a, for the three sisters. Algol is famously amazing as it varies its brightness as a factor of about five as it has a fast orbiting star (69 hours) around it that is continuously connected by a sucked particle stream, providing amazing views to ringside observers in their shielded starships. This variability of brightness to the naked eye no doubt led to the "demonic" nature attributed to Algol, the "Demonhead-Star". The "annular" eclipse (when Algol loses 80% of its brightness and Medusa "winks") is visible in Oregon (PDT) from 12:30 to 2:30 AM on August 2 (but full Moon throughout), and again from 9:30 PM to 11:30 PM on August 4 (near full Moon after Moonrise at 10:50 pm, so a respectable 10-10:30 PM is best), if you'd like to warm up, as Perseids are visible pretty much the whole month...even some before midnight when the rotation of the Earth favors seeing more meteors for observers at that time....

The "radiant" is the point where the Perseids seem to "radiate" from, like the hub of a bicycle wheel and spokes, but the meteors can appear in most of the sky. So if you know where the radiant is, you pretty much confirm authenticity that the meteor you see is really a Perseid from Comet Swift Tuttle, and not some other unclassified light:)

On August 12 at 2:00 AM, the crescent Moon (12%) will be a moderate crescent burning in Castor's groin and a half-Venus 60 million miles away from us will be warming his feet. The Radiant of the Perseid shower-in Perseus- at 2:00 AM will be in the same direction as the to be rising Moon, 50? east of due North, and at 50? altitude. In other words northeast and a little more than halfway from the horizon to the zenith. The 0 magnitude bright star Capella (the 7th brightest star in the sky not counting the Sun) in Auriga will also be in the same northeastern direction, if that helps, directly below the radiant, nearly halfway between the horizon and the radiant at 2:00 AM.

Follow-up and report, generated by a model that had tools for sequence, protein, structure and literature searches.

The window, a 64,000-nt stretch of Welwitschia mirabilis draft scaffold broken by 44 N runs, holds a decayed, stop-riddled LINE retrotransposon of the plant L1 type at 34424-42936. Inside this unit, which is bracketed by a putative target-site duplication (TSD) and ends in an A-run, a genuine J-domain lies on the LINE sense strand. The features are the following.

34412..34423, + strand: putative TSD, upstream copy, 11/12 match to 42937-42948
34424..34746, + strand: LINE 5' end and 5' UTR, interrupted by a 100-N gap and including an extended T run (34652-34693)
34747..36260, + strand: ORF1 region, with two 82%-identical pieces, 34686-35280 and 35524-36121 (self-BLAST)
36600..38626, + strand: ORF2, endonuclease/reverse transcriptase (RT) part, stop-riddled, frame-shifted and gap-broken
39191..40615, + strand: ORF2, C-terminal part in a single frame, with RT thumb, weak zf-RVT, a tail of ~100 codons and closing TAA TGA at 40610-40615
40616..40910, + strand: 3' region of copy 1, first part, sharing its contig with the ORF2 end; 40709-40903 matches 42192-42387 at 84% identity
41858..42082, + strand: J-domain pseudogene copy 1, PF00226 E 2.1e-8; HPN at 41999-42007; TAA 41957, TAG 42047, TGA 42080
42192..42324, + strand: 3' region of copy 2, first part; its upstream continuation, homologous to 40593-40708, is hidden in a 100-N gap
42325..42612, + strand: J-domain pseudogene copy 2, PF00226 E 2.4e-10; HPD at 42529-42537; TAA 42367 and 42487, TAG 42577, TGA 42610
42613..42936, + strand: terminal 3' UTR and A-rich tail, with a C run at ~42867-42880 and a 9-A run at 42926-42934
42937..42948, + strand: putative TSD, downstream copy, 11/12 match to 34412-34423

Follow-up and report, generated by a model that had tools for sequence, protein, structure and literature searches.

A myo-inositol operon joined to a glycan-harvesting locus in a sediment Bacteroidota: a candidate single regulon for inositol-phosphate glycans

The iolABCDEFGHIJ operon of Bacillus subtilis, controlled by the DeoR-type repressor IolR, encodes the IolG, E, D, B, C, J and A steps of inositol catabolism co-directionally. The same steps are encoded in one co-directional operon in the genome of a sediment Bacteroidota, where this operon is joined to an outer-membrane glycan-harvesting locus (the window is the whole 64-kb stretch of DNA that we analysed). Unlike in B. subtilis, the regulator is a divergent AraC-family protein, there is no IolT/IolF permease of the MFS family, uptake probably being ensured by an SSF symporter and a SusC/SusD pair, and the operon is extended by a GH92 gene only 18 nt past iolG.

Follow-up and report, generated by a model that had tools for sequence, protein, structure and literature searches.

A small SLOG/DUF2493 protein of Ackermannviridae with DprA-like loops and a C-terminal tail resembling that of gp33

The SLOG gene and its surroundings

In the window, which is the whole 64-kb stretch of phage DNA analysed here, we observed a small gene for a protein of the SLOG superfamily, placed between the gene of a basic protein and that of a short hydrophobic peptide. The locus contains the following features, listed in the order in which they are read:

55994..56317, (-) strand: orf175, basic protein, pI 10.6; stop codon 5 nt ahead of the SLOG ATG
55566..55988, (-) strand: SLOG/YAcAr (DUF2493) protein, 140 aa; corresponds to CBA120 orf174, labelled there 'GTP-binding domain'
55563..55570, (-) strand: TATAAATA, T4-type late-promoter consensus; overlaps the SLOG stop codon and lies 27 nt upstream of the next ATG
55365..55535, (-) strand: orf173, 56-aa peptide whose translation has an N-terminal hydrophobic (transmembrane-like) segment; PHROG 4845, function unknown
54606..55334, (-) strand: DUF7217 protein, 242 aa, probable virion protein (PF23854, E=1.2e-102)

There is talk of a ribbon of cometary dust from the parent of the meteoroid stream, the comet Swift-Tuttle giving a special show on August 11, which the two American discoverers saw separate from the comet during the year of discovery in 1862, but this will apparently be visible only on the other side of the world, or Europe at its best.

If you are lucky you could see a meteor every minute, which is about a good as it gets these days. By 3:00 AM the Moon and Venus will be prominent, though the relatively weaker Moonlight won't cause too much trouble for these meteors, so it might get a little better by 4:00 AM if you want to stay up until then, though it will probably be a wash. Sunrise is at about 6:11 AM, so by around 4:30 or 4:45 the astronomical twilight will start to ever so slightly diminish conditions then. Hope this summary contributes to make your observations more exciting...

Saludos y Cielos Despejados,
Received on Mon 09 Aug 2004 01:19:49 PM PDT